And, thanks to a steady supply of British tourists, the cocks that adorn the “Farmers” statues have been enthusiastically rubbed to a high shine.

Маяковская. Mayakovskaya, the very Art Deco stainless steel and mosaics station. Obviously a personal favourite.

It was used as an air-raid shelter during WW2. In each of the lit recesses you can see in the ceiling, there’s a mosaic representing one of the “24 hours of a Soviet sky”, where you can see the glorious future unfold: zeppelins, planes, skyscrapers…

Patriot Seagulls

Чкаловская. Tchkalovskaya, or "1984". This is pure Soviet Sci-Fi madness, I love it. The corridors are in a similar style, with low arched ceilings, muted panel lighting and metal plaques with these Big Brother eyes, watching you.

Комсомолская. Komsomolskaya, named in honour of the members of the Communist Youth Union who helped build the first Metro line. It has two levels to channel large crowds as it's a station that serves three major railway stations.

Back to the surface: the hallway at Arbatskaya. I've seen crummier ballrooms.

And finally, an anecdote that is obviously complete and utter balls, but that I love regardless:

It’s presentation day for the engineers who were saddled with the tasks of designing the Moscow Metro. They’re submitting their plans, including a map showing the whole network, to Stalin himself. Think about that next time you’re nervous about a job interview or a PowerPoint in front of your boss. It’s glory or Siberia. They reckon they’ve done a good job, but they’re not 100% satisfied without being able to pinpoint why. Anyway, they manage not to wet themselves, and explain everything to the Man of Steel, who, in passing, quit seminar school at 16, which means in my opinion that all that techie-talk flew right over his head. Stalin listens attentively, sipping coffee, but says nothing. Eventually he puts his cup down, gets up, and walks off, still without comment. Our two engineers don’t know whether that’s good or bad, and after sitting tight for five minutes in case Stalin comes back, they decide to pack up their plans and go. And, behold, when they lift the abandoned coffee cup off the network map, this is what they see:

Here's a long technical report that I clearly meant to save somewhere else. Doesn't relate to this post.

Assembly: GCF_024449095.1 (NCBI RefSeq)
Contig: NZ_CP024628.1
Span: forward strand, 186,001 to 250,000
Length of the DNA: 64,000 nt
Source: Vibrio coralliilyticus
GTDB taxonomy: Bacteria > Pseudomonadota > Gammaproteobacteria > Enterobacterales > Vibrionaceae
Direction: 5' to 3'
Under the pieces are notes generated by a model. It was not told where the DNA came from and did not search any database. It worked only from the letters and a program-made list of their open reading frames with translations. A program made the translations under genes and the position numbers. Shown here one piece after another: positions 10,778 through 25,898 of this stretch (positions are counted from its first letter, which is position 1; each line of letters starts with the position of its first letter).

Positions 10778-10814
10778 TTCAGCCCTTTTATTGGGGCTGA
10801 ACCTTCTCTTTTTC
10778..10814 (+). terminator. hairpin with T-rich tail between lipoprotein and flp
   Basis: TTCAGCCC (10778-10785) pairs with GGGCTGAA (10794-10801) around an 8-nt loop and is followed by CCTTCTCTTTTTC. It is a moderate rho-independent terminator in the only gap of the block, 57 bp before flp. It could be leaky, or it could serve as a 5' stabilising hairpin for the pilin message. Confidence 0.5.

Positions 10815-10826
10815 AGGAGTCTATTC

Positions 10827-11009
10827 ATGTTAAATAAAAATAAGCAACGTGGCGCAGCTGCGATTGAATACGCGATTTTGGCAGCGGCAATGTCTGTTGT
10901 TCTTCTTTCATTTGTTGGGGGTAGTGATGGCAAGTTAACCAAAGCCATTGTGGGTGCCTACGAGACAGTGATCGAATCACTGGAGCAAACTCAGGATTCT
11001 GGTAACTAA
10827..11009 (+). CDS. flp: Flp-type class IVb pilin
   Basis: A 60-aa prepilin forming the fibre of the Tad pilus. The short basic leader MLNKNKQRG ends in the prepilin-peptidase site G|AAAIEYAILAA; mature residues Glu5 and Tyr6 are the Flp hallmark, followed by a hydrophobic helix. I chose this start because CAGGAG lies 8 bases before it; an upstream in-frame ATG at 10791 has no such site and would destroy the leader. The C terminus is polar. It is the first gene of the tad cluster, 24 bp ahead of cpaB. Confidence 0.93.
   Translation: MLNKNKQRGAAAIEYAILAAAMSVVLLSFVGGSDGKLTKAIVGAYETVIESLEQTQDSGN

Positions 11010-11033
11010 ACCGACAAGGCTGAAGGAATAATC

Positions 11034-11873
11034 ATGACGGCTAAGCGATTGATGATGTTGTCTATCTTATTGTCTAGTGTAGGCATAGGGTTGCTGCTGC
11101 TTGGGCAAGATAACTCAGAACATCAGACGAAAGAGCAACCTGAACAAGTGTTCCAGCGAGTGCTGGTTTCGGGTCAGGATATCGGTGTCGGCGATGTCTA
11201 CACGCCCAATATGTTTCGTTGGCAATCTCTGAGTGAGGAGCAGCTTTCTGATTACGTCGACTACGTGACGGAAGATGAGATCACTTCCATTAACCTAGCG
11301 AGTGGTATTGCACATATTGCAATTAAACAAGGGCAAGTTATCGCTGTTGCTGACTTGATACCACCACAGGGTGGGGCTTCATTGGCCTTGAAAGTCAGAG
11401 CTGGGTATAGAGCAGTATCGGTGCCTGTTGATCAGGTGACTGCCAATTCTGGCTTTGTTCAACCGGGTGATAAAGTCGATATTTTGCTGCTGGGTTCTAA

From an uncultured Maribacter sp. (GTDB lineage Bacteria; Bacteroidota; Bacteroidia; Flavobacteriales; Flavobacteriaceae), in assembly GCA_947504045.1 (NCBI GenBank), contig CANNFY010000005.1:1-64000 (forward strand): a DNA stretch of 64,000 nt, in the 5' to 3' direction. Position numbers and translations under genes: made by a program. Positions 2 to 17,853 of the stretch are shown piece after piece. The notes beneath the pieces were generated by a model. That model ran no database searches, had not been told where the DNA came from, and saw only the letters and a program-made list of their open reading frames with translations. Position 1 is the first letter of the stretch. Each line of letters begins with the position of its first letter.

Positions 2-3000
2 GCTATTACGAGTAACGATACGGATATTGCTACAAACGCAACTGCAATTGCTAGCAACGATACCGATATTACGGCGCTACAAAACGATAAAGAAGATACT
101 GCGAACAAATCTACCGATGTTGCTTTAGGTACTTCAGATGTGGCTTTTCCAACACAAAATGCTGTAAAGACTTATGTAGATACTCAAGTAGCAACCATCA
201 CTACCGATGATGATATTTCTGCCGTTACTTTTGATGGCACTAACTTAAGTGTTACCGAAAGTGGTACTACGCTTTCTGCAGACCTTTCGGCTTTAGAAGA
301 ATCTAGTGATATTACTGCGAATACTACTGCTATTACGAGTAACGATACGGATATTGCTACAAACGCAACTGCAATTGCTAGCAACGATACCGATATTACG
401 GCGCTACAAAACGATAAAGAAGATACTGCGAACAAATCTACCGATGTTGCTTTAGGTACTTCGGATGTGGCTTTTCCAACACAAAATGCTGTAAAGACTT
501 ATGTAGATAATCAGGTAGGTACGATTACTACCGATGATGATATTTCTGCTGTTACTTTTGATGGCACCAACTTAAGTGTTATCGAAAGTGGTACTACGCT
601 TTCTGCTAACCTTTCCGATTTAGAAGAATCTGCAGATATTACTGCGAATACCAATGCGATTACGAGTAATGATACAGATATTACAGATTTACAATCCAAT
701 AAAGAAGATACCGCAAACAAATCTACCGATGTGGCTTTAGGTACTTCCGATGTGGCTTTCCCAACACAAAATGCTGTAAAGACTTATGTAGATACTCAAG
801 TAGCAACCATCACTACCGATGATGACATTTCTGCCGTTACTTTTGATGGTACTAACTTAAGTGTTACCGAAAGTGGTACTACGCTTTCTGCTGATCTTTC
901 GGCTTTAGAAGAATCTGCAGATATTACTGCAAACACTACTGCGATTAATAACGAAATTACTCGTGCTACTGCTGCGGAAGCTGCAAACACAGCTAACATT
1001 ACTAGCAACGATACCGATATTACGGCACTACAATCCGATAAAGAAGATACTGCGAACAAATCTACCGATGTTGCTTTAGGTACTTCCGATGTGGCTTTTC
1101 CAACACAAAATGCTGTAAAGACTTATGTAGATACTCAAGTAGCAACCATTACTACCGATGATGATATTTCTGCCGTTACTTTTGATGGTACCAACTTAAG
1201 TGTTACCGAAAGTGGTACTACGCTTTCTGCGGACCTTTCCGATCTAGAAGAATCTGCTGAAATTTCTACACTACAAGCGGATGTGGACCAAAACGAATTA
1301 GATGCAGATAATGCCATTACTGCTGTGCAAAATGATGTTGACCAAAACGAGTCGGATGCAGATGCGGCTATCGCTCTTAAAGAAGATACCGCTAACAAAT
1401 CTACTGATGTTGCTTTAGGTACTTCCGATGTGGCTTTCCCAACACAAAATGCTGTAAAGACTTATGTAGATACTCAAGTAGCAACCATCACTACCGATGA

The circle line: 100% arabica

Stalin’s cup has left a mark that neatly circles the centre of the city, and allows the lines to connect together! Genius! That is precisely what the engineers felt was missing! Without words, the great leader had managed to raise the work of trained transports specialists to another level.

Isn’t it brilliant? Of all the many, many jokes and stories about the Communist era, this might be my favourite. It could be told in a slavishly adoring or heavily sarcastic manner, depending on the audience or on the suicidal tendencies of the raconteur.

Hope you enjoyed the journey underground. Да свидания!


new post: old post

…or whatever you want to call that thing poking out of the frozen river.

As good as Waterloo Sunset at least...

After my rusty boats photo-post, I have been informed that several of you share my strange obsession with rusty crumbling old stuff. As if I needed encouragement to seek out these things. I’m going to have a look at the port and docks soon, sounds good doesn’t it?

This also caters to my new obsession with ice formations:

I’m enjoying them while they last, as despite the temperature never being high enough for my liking, it is certainly high enough to make everything melt at double quick speed, including the massively thick layer of ice on the Neva.


desperately seeking spring/ mixed bag 5

People, I am so effing sick of this neverending winter, you have no idea. Right now I’m having severe UK withdrawal symptoms, to the point where I think I could even put up with Chris Moyles doing Comic Relief, or “severe delays on the Victoria Line due to leaves on the tracks”. I’m not bored with Russia, how could I be, but even as I realize I only have less than 2 and a half months here, and will never get around to seeing all the things I have on my to-do list, I have snow-fatigue, ice-fatigue, and especially, cold-fatigue. It’s been really sunny all week, with highs of…5 degrees. I am tired of wearing a feather and down parka. I have persistent hallucinations involving the sunny terrace behind my parent’s house -Mum tells me it was 20 degrees last weekend and they had lunch outside. Hate. Funny how I expected to react badly to the extreme cold, or the very short days, but never imagined that what would really get to me would be how long it takes to move on from winter.